Tuesday, December 18, 2012

First Movements

In the name of Music Appreciation or something equally vapid, most people learn that the first movement of a sonata is usually in Sonata Allegro form, consisting of theme A in the tonic key, theme B in the dominant, followed by a development section, and culminating in a recapitulation of theme A, still in the tonic, and theme B, now also in the tonic.  Pretty predictable, thus pretty uninteresting.

With the invention of the piano, however, whether a theme was in the key of C (no black keys) or G (one particularly unsettling black key) made a huge difference.  I found this out while studying a Mozart sonata when a theme in C major was so transformed when it appeared in G that I could hardly play it: the single black key so utterly altered the balance of tones as to make it entirely new.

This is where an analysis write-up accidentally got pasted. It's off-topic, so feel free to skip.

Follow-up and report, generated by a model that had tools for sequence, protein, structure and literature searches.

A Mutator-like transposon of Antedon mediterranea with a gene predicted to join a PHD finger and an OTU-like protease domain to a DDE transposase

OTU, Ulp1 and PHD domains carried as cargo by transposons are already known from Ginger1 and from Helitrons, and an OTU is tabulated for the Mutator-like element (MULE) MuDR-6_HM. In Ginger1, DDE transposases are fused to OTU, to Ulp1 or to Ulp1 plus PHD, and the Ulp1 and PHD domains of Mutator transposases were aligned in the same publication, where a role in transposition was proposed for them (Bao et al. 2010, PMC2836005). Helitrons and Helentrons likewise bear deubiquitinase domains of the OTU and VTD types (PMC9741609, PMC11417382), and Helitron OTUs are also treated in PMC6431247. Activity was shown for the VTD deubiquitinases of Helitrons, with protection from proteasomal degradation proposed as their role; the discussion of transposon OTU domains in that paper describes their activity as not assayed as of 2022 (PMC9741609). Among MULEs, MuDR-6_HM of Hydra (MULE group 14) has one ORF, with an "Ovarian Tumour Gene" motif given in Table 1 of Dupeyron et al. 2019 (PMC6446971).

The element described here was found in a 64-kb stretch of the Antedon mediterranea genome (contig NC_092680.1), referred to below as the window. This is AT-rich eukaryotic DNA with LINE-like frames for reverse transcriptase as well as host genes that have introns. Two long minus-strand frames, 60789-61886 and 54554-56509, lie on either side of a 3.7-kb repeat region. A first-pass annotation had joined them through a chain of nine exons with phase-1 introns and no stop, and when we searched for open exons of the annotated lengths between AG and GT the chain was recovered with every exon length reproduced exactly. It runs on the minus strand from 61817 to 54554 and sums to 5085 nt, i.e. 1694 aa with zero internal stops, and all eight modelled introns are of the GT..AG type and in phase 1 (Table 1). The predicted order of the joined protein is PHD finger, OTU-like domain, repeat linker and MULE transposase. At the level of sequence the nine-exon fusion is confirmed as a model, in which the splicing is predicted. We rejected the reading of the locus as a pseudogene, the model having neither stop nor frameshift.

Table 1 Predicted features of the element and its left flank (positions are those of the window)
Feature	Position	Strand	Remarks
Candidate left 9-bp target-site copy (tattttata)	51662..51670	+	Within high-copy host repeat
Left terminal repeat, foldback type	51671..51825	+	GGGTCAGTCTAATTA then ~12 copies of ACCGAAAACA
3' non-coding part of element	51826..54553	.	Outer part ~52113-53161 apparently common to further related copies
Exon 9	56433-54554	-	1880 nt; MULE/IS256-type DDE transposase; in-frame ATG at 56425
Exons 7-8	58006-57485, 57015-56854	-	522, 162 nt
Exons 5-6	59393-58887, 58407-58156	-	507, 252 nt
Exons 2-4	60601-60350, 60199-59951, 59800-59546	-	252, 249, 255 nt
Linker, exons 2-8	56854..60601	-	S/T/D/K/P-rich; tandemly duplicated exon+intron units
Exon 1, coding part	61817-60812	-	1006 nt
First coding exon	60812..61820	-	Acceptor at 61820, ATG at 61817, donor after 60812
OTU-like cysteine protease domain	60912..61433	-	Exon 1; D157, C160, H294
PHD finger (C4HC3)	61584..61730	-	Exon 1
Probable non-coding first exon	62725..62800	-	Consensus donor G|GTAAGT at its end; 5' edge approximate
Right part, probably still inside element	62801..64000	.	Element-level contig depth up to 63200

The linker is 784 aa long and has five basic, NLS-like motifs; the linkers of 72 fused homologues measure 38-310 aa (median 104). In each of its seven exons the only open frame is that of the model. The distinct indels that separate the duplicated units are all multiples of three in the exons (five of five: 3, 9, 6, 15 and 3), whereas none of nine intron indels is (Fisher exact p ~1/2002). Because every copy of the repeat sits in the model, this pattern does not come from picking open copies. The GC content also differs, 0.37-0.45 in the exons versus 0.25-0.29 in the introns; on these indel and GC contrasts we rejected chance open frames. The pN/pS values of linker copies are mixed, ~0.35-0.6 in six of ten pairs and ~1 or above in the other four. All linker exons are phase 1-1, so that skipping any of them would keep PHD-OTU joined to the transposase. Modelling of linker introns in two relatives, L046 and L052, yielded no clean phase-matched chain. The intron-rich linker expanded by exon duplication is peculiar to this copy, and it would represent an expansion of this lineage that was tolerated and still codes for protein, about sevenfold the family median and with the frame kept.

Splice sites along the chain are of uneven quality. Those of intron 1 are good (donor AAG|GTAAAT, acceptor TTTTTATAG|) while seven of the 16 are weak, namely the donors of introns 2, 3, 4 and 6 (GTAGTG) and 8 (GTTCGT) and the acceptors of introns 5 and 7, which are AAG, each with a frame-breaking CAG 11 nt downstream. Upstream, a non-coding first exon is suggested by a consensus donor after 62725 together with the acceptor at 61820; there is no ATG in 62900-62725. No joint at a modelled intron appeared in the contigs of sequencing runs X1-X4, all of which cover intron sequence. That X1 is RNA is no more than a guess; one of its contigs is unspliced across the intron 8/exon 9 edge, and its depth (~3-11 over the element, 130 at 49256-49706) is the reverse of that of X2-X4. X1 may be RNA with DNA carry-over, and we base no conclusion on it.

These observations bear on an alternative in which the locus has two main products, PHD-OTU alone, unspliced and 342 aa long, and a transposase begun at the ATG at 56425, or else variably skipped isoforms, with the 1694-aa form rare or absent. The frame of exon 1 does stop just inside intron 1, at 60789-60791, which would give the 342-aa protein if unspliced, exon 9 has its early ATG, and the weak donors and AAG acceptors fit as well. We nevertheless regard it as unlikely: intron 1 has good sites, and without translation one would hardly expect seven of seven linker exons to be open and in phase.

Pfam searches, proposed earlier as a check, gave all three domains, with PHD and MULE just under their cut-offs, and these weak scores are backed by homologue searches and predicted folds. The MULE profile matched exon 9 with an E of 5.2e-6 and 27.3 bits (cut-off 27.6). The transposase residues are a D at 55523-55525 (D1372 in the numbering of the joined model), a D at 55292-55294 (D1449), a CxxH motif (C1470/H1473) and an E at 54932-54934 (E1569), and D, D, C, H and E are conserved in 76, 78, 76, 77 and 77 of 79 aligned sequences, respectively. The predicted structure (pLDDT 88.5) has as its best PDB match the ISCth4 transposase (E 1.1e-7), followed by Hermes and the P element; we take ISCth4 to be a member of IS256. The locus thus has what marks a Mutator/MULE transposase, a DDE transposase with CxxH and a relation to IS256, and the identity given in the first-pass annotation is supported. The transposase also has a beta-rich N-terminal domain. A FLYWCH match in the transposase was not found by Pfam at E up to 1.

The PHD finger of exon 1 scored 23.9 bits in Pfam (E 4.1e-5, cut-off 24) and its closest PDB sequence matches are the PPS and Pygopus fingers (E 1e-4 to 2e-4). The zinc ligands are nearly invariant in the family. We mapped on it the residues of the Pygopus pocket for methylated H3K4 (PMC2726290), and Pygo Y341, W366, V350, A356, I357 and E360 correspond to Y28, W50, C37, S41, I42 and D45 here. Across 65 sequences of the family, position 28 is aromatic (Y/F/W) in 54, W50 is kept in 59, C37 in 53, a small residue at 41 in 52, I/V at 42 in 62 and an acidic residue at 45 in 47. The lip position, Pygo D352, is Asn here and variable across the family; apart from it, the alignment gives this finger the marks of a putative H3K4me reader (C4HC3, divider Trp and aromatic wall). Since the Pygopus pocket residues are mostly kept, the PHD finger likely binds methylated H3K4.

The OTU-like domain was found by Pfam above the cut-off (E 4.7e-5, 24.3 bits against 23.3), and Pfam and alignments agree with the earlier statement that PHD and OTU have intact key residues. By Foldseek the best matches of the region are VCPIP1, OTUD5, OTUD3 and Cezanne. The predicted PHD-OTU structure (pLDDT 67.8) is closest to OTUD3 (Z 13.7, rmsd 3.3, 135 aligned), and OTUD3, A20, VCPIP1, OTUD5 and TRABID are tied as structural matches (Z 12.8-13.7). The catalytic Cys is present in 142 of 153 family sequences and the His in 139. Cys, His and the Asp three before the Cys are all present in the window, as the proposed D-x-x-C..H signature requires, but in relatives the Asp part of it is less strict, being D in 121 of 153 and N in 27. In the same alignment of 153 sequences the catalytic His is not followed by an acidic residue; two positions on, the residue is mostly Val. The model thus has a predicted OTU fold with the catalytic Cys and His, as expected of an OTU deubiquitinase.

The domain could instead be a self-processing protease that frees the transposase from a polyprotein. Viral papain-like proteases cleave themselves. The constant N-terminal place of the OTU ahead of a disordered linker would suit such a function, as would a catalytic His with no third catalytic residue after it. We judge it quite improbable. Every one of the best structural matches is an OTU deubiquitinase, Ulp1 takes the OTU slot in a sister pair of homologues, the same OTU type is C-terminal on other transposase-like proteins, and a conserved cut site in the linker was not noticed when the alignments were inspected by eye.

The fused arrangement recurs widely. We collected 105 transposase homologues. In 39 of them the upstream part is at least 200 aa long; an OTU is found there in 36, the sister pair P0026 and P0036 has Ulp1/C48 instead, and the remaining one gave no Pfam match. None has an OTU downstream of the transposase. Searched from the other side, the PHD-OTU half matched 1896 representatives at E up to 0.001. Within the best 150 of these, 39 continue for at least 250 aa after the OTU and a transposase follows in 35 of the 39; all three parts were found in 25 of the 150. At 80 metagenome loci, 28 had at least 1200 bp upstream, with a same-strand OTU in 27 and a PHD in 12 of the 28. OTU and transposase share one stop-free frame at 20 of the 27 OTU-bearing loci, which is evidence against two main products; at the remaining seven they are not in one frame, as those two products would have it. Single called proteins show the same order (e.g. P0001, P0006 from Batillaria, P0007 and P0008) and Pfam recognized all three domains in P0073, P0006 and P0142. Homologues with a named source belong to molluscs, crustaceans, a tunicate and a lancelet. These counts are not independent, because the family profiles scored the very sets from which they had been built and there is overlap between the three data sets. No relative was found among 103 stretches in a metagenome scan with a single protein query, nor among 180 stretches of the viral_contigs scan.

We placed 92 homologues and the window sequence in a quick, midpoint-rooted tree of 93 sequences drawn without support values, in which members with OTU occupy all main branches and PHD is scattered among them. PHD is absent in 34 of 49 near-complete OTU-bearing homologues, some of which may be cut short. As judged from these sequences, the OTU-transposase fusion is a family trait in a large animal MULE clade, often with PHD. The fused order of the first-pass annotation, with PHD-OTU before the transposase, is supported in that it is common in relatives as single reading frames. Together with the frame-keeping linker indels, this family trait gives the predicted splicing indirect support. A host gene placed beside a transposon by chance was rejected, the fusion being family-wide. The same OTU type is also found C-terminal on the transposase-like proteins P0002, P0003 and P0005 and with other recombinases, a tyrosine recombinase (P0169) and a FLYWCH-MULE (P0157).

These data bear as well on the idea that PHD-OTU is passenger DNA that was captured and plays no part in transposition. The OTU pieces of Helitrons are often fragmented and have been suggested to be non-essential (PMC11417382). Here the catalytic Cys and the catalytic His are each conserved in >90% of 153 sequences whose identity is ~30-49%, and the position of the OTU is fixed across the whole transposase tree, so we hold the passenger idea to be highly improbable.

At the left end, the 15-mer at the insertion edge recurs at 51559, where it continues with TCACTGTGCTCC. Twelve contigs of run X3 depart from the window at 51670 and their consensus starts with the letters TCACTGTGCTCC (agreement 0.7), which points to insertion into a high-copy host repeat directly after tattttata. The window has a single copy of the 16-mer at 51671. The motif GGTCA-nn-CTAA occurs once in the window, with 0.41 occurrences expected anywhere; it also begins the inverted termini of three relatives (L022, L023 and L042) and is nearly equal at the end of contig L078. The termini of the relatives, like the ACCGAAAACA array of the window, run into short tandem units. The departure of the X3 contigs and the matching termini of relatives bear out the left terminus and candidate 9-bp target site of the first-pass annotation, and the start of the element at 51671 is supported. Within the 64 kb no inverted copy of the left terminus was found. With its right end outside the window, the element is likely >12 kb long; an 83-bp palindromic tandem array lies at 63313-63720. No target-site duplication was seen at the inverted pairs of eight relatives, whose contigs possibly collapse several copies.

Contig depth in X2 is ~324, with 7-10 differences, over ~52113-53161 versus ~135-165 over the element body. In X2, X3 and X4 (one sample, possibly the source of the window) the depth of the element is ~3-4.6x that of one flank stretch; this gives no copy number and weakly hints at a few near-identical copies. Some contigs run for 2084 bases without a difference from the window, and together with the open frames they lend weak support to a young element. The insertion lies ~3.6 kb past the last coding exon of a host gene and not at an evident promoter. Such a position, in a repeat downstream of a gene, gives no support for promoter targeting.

I find this inherently dramatic, the opposite of predictable.

What if the purpose of the first movement is to present a cast of characters, including a masked villain lurking behind a pillar, waiting to pounce on the suspecting soprano?  What if the action is not in the elements that we would identify as obvious themes but in those at the bottom of the texture?